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Archive for the ‘Petition to Modify Award’ Category

2021 Term SCOTUS Arbitration Cases: Is the Pro-Arbitration Tide Beginning to Ebb?

July 18th, 2022 Amount in Controversy, Applicability of Federal Arbitration Act, Application to Appoint Arbitrator, Application to Compel Arbitration, Application to Stay Litigation, Arbitrability, Arbitral Subpoenas, Arbitration Agreements, Arbitration Law, Arbitration Practice and Procedure, Authority of Arbitrators, Awards, Challenging Arbitration Agreements, Challenging Arbitration Awards, Equal Footing Principle, FAA Chapter 1, FAA Transportation Worker Exemption, Federal Arbitration Act Section 1, Federal Arbitration Act Section 10, Federal Arbitration Act Section 11, Federal Arbitration Act Section 2, Federal Arbitration Act Section 4, Federal Arbitration Act Section 5, Federal Arbitration Act Section 7, Federal Arbitration Act Section 9, Federal Courts, Federal Policy in Favor of Arbitration, Federal Question, Federal Subject Matter Jurisdiction, International Arbitration, International Judicial Assistance, Judicial Review of Arbitration Awards, Look Through, Modify or Correct Award, Moses Cone Principle, Petition or Application to Confirm Award, Petition to Compel Arbitration, Petition to Modify Award, Petition to Vacate Award, Policy, Post-Award Federal Arbitration Act Litigation, Practice and Procedure, Presumption of Arbitrability, Richard D. Faulkner, Section 10, Section 11, Section 1782, Section 3 Stay of Litigation, Section 5, Section 6, Section 7, Section 9, Small Business B-2-B Arbitration, State Arbitration Law, Statutory Interpretation and Construction, Subject Matter Jurisdiction, Substantive Arbitrability, Textualism, United States Supreme Court, Vacatur, Waiver of Arbitration No Comments »

Introduction: This Term’s SCOTUS Arbitration Cases 

SCOTUS FAA CasesThe 2021 Term was a busy and controversial one for the United States Supreme Court (“SCOTUS”) regarding abortion, First Amendment rights, Second Amendment rights, and administrative agency power.  However, many may not know SCOTUS decided four Federal Arbitration Act cases during the 2021 Term (the “FAA Cases”), as well as a pair of cases consolidated into one concerning whether U.S. Courts may provide under 28 U.S.C. § 1782 judicial assistance to international arbitration panels sited abroad. See Viking River Cruises, Inc. v. Moriana, 596 U. S. ____, No. 20–1573, slip op. (June 15, 2022) (construing FAA); ZF Automotive US, Inc., et al. v. Luxshare, Ltd., 596 U.S. ___, No. 21–401, slip op. (June 13, 2022) (construing 28 U.S.C. § 1782); Southwest Airlines Co. v. Saxon, 596 U.S. ___, No. 21-309, slip op. (June 6, 2022) (construing FAA); Morgan v. Sundance, Inc., 596 U.S. ___, No. 21-328, slip op. (May 23, 2022) (construing FAA); Badgerow v. Walters, 596 U.S. ___, No. 20-1143, slip op. (March 31, 2022) (construing FAA).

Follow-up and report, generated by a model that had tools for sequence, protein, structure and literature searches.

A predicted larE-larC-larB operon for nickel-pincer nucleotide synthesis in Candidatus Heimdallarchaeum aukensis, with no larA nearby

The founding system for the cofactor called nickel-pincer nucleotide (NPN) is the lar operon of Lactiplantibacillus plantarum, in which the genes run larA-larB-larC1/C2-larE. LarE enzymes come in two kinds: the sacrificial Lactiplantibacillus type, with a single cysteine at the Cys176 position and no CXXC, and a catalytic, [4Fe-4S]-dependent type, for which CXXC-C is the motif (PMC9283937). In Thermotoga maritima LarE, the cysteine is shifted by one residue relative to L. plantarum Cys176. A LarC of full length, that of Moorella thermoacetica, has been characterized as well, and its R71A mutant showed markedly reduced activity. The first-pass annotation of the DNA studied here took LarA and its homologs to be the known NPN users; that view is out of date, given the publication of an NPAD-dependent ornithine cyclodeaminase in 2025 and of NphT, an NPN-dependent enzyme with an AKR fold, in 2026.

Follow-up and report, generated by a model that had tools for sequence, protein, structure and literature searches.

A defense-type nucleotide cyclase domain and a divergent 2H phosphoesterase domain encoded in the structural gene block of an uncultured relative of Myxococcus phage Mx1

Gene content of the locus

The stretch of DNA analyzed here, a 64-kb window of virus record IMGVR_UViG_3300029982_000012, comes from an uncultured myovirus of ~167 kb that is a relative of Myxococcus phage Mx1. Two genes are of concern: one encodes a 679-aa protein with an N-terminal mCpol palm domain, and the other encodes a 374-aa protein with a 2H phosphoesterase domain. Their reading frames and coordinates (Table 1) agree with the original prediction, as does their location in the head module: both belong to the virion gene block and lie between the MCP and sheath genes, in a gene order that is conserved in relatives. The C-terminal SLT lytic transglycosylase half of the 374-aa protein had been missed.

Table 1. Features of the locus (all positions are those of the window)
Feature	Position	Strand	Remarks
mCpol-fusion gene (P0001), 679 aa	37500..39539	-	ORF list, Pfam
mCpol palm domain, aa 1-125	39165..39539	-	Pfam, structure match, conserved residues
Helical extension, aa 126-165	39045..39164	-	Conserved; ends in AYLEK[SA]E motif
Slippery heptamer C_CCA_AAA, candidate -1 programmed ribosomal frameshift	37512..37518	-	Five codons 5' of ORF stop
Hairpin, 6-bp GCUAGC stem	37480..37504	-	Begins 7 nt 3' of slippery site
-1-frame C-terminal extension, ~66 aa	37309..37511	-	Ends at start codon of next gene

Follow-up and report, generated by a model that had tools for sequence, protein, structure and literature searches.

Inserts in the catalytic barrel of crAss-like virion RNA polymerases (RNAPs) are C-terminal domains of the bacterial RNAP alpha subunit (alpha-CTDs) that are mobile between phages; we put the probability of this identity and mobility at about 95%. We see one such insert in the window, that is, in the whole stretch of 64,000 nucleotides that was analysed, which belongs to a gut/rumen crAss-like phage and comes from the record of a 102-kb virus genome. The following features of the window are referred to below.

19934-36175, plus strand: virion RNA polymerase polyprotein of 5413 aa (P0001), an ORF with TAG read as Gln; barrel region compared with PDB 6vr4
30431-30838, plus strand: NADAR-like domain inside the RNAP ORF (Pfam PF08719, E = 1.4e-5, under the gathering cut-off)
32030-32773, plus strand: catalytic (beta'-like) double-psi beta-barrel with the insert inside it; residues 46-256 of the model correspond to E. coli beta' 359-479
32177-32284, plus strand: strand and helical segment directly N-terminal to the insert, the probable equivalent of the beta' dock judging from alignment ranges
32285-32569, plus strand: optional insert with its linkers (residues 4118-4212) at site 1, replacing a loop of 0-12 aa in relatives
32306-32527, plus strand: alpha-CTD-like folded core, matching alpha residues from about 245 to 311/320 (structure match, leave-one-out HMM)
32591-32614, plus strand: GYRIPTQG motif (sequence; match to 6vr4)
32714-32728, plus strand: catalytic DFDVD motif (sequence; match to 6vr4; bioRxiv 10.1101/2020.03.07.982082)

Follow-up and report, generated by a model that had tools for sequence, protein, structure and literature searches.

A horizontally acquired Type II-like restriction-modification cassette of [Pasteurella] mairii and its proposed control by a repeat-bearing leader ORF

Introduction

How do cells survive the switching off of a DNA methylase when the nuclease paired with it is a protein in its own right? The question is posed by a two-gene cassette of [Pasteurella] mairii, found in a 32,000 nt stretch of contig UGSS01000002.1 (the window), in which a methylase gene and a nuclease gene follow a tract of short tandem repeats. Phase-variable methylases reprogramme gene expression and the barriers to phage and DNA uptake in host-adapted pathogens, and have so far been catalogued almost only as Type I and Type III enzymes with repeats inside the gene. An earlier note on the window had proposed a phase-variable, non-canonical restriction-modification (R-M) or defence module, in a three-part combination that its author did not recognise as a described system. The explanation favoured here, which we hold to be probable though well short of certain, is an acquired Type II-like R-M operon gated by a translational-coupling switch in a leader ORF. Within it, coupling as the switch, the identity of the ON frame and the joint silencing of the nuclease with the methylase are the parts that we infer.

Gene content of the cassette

Three of the SCOTUS FAA Cases, Badgerow, Morgan, and Southwest Airlines signal SCOTUS’s apparent intention to construe strictly the Federal Arbitration Act’s text without indulging in any pro-arbitration presumptions or applying arbitration-specific rules intentionally encouraging arbitration-friendly outcomes. ZF Automotive, the 28 U.S.C. § 1782 judicial-assistance case also  employed a strict, textualist approach to interpreting 28 U.S.C. § 1782, used the FAA to help support its conclusion, and held that 28 U.S.C. § 1782 did not authorize U.S. district courts to provide judicial assistance to private arbitration panels sited abroad—an outcome not particularly solicitous of international arbitration. It is therefore at least indirectly supportive of the more textually oriented and arbitration-neutral approach SCOTUS appears to have endorsed with special force during the 2021 Term.  

The SCOTUS 2021 Term FAA Cases are not the first ones in which the Court applied textualist interpretations to the FAA. There are others. See, e.g., New Prime Inc. v. Oliveira, ___ U.S. ___, 139 S. Ct. 532 (2019) (discussed here and here). But common themes in three of those FAA Cases—echoed in ZF Automotive —suggest a marked trend by the Court to interpret the FAA in a less expansive manner that is not presumptively arbitration friendly. The expression of these common themes in four cases decided in a single term is particularly significant because Morgan, Southwest Airlines, and ZF Automotive were decided unanimously by all participating Justices and Badgerow was decided 8-1, with now retired Associate Justice Stephen G. Breyer dissenting.  

Many previous FAA SCOTUS decisions of the last three or four decades have been very indulgent of arbitration. The Court encouraged arbitration proliferation far beyond B-2-B commercial and industry arbitration between sophisticated and resource-laden entities of roughly equal bargaining power.  Arbitration was introduced into consumer and employment disputes and other disputes involving persons (including businesses) of vastly disparate resources and sophistication. SCOTUS made arbitration agreements readily enforceable, interpreted them expansively in favor of arbitration, limited defenses to arbitration agreements and awards, and promoted arbitration to make it, at least in the eyes of some, an attractive alternative to litigation. Critics challenged that view and assailed arbitration as “do it yourself court reform.”  The SCOTUS arbitration decisions developed and implemented an expansive federal policy in favor of arbitration and a presumption of arbitrability and championed a very pro-arbitration approach to arbitration law in general.